Out of the blue last night my dad said to me “You know, you said something interesting today.” I paused, not quite sure where this conversation was headed.
“You said asking ‘why’ is important.”
I was speaking to a friend who is a math tutor and I happen to lament that the reason I struggled so much with math in school was the teachers had never stopped to explain to us why. Why the steps for solving the problems were the way they were. I had said the easiest way to help a child (or teen, in this case) is to explain why. Then we got to talking about other things and I forgot the conversation – until my dad brought it up.
As we started talking about the word “why,” my dad said it is one of the most important words we have, and nothing shapes you or your world as much as “why.” This got me thinking and I said, “Well there are two things you don’t have to teach children, things they are born knowing how to do. One of those things is playing, the other is asking why.”
As we get older and turn into adults we tend to not ask “Why?” nearly as much. We generally fall into a state of acceptance and beliefs that we rarely question. However asking “why?” is one of the quickest ways to learn and grow. It is an easy way to incorporate creativity into your family and get your child questioning and exploring the world around them.
Drilling Down – An exercise in asking “why?”
When you “Drill Down” you are seeking the deepest level of something through asking “why.” Children do this naturally. If you have ever had a conversation with a kid who asks you “why” every time you offer an answer, you’ll know what I mean.
It can be a useful technique to get kids to think deeper, to consider consequences of their and others’ actions, and to help them identify their feelings (especially useful for kids who act out and have a hard time articulating why they are angry).
To use the “Drill Down” technique all you have to do is ask “why” in a way that causes your child to think deeper. For example: Your daughter gets home from school very upset because her best friend got mad at her “for no reason.” Asking your child why her friend might have been upset could reveal a whole bunch of reasons why her friend was already upset, providing a little more perspective to the situation, and helping your daughter to have more understanding and compassion for her friend’s circumstances.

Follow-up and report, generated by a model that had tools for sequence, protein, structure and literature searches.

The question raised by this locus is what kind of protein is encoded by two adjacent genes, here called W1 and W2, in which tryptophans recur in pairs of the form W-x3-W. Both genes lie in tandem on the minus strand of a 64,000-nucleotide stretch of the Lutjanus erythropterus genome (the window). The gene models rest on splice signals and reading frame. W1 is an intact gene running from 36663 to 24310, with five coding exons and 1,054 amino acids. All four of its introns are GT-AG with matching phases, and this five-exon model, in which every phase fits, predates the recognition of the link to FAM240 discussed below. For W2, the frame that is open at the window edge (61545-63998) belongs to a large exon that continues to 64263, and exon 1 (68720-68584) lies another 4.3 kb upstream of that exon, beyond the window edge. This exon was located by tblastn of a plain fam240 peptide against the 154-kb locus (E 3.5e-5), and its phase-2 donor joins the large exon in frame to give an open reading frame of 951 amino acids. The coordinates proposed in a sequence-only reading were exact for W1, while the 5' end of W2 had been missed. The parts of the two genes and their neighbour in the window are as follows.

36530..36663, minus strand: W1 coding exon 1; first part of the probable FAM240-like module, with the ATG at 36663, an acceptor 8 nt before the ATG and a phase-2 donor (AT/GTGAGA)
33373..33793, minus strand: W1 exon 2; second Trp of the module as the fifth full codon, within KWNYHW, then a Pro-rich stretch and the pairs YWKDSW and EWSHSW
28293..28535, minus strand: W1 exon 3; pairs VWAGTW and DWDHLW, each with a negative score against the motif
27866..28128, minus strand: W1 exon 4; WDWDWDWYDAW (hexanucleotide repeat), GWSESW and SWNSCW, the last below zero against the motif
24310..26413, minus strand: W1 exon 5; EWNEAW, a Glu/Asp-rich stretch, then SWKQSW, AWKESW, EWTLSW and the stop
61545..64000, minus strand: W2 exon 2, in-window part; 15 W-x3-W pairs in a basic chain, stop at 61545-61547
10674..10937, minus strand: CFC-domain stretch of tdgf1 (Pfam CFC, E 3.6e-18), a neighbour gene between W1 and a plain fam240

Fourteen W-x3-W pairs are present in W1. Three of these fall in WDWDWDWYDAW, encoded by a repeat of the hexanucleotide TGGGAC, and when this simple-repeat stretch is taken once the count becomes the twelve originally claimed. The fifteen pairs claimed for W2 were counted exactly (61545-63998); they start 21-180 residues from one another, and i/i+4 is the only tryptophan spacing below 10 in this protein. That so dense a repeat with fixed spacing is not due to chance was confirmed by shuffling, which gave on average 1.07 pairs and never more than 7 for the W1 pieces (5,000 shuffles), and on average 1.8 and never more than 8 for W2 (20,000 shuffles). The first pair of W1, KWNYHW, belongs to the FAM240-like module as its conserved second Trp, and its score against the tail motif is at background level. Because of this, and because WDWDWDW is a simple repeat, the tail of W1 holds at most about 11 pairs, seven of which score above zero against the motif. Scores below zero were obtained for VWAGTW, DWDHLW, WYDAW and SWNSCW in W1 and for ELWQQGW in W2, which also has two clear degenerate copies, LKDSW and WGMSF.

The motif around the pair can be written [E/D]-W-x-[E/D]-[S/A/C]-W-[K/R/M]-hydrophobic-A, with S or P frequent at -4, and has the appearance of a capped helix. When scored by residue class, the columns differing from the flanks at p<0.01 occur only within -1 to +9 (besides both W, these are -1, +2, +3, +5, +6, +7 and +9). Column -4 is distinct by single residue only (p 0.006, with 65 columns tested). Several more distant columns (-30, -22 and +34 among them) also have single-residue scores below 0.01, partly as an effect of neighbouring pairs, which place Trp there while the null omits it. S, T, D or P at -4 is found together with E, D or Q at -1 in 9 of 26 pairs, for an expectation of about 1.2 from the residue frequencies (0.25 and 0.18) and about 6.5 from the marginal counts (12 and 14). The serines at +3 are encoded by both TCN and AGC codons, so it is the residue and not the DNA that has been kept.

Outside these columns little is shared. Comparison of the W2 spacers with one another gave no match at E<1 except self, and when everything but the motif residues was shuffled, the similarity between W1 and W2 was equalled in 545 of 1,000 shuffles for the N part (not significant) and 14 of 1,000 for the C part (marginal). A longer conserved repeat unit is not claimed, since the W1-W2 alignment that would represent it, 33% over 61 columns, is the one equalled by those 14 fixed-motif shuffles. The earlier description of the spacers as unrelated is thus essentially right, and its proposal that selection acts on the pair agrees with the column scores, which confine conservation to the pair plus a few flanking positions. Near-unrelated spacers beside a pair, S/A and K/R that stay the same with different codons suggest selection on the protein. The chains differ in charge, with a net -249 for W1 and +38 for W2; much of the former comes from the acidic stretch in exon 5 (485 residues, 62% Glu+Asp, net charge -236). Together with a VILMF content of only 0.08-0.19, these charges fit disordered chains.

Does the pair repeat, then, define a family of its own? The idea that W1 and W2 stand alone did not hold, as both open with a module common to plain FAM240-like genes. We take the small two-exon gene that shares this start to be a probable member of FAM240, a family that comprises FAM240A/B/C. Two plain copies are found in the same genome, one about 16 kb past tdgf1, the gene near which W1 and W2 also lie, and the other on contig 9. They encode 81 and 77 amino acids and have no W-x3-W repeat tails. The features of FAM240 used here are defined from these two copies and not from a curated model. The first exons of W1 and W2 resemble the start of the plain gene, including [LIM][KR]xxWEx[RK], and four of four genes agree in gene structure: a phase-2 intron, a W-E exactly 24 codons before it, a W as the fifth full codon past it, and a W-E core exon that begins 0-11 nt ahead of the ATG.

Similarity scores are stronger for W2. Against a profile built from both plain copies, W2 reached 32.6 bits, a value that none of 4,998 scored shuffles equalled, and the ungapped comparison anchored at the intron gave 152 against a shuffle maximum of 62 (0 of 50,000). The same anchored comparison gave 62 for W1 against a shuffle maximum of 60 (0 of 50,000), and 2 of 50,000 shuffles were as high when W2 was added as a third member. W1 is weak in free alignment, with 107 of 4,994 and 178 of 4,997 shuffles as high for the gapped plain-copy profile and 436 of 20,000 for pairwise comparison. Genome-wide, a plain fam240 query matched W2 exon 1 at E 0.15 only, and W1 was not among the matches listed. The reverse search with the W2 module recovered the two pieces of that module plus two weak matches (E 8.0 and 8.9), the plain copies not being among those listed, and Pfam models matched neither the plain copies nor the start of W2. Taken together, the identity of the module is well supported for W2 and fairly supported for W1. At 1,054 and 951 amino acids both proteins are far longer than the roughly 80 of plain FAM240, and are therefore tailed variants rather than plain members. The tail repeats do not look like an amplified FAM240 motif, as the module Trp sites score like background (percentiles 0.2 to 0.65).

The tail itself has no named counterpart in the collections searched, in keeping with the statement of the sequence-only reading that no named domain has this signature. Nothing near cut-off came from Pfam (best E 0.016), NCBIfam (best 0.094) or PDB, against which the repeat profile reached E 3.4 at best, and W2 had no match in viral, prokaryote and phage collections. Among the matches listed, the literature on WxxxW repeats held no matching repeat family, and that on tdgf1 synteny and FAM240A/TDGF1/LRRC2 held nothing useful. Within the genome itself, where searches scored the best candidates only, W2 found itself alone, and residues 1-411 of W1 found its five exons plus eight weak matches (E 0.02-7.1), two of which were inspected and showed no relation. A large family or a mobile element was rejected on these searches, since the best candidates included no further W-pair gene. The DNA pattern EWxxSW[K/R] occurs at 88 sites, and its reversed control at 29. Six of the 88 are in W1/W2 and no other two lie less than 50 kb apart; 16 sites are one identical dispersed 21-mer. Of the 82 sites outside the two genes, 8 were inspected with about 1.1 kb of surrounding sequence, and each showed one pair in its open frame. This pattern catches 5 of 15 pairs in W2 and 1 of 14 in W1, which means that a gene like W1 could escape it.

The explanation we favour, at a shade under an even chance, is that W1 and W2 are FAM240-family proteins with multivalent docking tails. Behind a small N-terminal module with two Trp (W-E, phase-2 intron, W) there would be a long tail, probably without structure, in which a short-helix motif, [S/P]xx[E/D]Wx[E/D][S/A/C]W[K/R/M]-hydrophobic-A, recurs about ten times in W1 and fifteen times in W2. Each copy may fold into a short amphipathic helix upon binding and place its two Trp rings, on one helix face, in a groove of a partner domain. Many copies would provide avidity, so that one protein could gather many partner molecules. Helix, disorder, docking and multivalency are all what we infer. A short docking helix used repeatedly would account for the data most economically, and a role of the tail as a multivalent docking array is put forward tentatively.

The BIG “Why’s?”
Asking “why” is human nature, we seek out the great mysteries of life by asking why. Sometimes we even ask “why” to questions that have no concrete answer and, as we search for answers, it becomes a part of who we are and what we believe.
Encourage your children to ask “Why?” even if there is no simple, straight forward answer. Part of growing up is asking questions and forming our own conclusions. This can be hard for parents – sometimes kids will come to conclusions that differ from yours – but giving them the gift of being secure enough to ask “Why?” leads to greatness.
“Why?” as a creative catalyst
Kids are naturally curious and want to understand the world around them. They love to create and invent so getting them started is sometimes as easy as asking them a “why” question.
Some examples: “Why do kids always seem to not like vegetables?” This could lead you and your kids on a kitchen mission to invent new and fun tasty recipes incorporating vegetables.
“Why are there recycle bins everywhere?” Observations like this could lead to new school programs or school projects on recycling.
“Why don’t they make this product more kid friendly?” Asking negative questions like this one can stimulate young minds into coming up with new ideas and solutions. Many great products for kids were inspired or created by kids themselves.
“Why” Cause and Effect
Going back to how this topic came up, “Why” gives you a purpose. School lessons become easier when you can understand the cause and effect relationship between what you are learning – essentially the “Why.” Learning math for the sake of learning math can be frustrating but once you realize knowing math can help you save money, build a fort, or bake cookies, it starts to seem a lot more useful!
Sometimes seeing the “Why” in what we are learning can be tricky. Our school system seems to break everything into “Subjects,” making it even more tricky to see how one subject really carries on into other subjects and life! For example, grocery shopping and cooking a meal calls on skills you learn in Math, English, Science and perhaps even History& Geography (especially if you are trying some different ethnic foods). As a parent it is important to help your child draw these connections as they often aren’t made in school.
Every time your child asks “why?” there is an opportunity to learn and grow. What are some of the “Why’s” your children ask?